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MCGREGOR PRINTING CORP. v. KEMP

January 27, 1993

McGREGOR PRINTING CORPORATION, Plaintiff,
v.
IRA L. KEMP, et al., Defendants.



The opinion of the court was delivered by: JOHN H. PRATT

 In this action, plaintiff McGregor Printing Corporation ("McGregor") has moved for a stay of this Court's Order of September 30, 1992, McGregor Printing Corp. v. Kemp, et al., 802 F. Supp. 519 (D.D.C. 1992), pending appeal of that decision. For the reasons given below, we deny plaintiff's motion.

 I. Background

 On December 19, 1991, McGregor filed its Complaint for Declaratory and Injunctive Relief, challenging an informal rulemaking decision of the Committee for Purchase from the Blind and Other Severely Handicapped ("Committee"). Pursuant to the Javits-Wagner-O'Day Act ("JWOD Act"), 41 U.S.C. §§ 46-48c (1987 & Supp. 1992), the Committee is authorized to compile a "Procurement List" of certain commodities and services which the government should procure solely from workshops operated by blind and handicapped persons. 41 U.S.C. § 47(a)(1). In selecting these products, the Committee is advised by the National Industry for the Blind ("NIB"), a private, non-profit organization designated "to represent the workshops for the blind." 41 C.F.R. § 51-3.1(a)(1990).

 In August 1991, the Committee decided to add to the "Procurement List" a type of tabulating machine paper, NSN 7530-00-800-0996 ("0996"). See 56 Fed. Reg. 40,873 (1991); Administrative Record ("AR") at 151-152. At the time of this rulemaking, McGregor was one of two private suppliers of 0996 for the government and had supplied the government with 0996 for twenty years. Following the publication of the Committee's final rule, McGregor petitioned for reconsideration of its ruling. See AR at 156-165. The Committee denied the petition. See AR at 192-197. McGregor then filed with this Court its Complaint for Declaratory and Injunctive Relief against the Committee, its Chairman Ira L. Kemp, and the NIB.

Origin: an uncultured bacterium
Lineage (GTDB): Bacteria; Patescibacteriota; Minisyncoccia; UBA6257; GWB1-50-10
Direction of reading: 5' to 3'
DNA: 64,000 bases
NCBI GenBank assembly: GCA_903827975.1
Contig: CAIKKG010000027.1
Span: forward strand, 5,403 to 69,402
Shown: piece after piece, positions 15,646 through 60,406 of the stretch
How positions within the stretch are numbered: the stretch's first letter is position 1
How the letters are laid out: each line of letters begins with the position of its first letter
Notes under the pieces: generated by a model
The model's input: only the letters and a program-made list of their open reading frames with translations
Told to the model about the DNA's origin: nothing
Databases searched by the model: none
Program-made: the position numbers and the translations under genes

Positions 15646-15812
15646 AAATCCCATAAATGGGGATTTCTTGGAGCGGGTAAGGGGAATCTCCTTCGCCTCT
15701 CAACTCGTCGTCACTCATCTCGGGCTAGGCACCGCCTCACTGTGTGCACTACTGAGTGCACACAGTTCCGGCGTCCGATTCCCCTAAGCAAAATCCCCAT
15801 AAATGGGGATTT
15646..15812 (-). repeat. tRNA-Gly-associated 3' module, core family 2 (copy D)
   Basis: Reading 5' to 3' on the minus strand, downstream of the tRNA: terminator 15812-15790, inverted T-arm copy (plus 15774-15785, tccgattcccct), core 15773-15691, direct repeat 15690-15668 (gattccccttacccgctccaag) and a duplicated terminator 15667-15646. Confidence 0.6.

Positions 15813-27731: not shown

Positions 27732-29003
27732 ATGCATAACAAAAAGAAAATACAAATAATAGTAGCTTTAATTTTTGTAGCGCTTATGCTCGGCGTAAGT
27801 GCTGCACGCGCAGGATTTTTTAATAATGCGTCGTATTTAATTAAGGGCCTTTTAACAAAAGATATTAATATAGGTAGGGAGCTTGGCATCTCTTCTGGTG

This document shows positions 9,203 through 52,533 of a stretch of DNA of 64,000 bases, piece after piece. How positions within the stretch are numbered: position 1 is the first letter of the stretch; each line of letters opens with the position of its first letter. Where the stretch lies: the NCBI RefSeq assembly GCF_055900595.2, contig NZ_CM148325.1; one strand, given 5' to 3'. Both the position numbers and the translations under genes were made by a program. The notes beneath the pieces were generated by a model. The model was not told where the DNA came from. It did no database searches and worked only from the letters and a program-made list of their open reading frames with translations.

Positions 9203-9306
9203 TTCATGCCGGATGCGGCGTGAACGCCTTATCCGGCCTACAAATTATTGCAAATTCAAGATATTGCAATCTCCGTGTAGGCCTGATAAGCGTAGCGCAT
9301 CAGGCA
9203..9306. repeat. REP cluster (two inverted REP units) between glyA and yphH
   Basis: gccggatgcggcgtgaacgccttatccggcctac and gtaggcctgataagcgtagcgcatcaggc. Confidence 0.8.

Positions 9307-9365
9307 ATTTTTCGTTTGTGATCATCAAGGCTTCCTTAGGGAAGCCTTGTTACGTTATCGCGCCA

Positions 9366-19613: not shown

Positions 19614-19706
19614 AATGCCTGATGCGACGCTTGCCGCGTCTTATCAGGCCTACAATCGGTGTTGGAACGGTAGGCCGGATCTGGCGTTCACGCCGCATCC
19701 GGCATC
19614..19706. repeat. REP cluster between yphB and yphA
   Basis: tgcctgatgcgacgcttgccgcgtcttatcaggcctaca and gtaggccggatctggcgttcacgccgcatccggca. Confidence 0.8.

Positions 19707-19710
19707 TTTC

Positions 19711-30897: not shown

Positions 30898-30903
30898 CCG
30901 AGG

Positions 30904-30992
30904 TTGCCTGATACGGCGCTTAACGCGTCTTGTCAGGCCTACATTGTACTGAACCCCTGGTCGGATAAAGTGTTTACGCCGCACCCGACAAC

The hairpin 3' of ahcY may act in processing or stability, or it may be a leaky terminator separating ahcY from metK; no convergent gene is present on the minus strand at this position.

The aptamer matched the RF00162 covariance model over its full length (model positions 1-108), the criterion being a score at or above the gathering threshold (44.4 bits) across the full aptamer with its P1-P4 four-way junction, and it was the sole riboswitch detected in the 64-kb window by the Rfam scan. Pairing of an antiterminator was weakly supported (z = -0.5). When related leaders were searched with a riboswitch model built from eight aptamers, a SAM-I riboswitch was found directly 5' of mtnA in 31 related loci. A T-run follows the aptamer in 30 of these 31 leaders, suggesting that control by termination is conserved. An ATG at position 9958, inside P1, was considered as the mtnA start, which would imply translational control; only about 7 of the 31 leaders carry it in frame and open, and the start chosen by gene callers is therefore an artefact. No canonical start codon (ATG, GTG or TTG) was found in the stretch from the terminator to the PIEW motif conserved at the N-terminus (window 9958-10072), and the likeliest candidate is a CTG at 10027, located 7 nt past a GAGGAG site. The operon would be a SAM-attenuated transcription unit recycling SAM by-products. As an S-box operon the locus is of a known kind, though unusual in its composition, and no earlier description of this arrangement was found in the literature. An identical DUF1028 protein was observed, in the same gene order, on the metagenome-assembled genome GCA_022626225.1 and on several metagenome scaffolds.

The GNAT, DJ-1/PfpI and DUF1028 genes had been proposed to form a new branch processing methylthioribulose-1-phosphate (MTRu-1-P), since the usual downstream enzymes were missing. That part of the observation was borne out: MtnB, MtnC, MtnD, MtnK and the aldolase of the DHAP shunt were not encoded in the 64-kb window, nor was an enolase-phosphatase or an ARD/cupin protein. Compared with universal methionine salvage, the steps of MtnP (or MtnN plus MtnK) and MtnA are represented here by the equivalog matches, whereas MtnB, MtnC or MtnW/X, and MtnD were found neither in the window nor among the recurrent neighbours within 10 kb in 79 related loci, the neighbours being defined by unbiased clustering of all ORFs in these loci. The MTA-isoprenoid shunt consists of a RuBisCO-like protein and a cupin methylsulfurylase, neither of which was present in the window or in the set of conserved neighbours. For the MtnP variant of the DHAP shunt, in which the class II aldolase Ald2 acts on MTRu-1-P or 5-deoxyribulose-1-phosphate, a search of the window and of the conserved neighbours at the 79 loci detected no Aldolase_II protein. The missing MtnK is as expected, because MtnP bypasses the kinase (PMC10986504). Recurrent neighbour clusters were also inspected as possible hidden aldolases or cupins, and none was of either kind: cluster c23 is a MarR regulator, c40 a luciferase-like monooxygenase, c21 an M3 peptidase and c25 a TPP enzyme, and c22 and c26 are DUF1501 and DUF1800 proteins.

Plaintiff now seeks a stay of our September 30, 1992 Order pending its appeal of that decision.

 II. Discussion

 In requesting a stay pending appeal, "it is the movant's obligation to justify the court's exercise of such an extraordinary remedy." Cuomo v. United States Nuclear Regulatory Comm., 772 F.2d 972, 978 (D.C. Cir. 1985). In considering such a motion, the court must consider the following four factors:

 (1) the likelihood that the party seeking the stay will prevail on the merits of the appeal; (2) the likelihood that the moving party will be irreparably harmed absent a stay; (3) the prospect that others will be harmed if the court grants the stay; and (4) the public interest in granting the stay.

 Cuomo, 772 F.2d at 974 (citing Washington Metro. Area Transit Comm. v. Holiday Tours, Inc., 182 U.S. App. D.C. 220, 559 F.2d 841, 843 (D.C. Cir. 1977)).

 Even where the moving party has not established a likelihood that it will prevail on the merits, a court may decide to stay enforcement of its ruling if it finds that plaintiff has presented a "serious legal question[]" and that the other three factors weigh heavily in plaintiff's favor. Holiday Tours, 559 F.2d at 844.

 An order maintaining the status quo is appropriate when a serious legal question is presented, when little if any harm will befall other interested persons or the public and when denial of the order would inflict irreparable injury on the movant.

 Id. See also Cuomo, 772 F.2d at 974 ("A stay may be granted with either a high probability of success and ...


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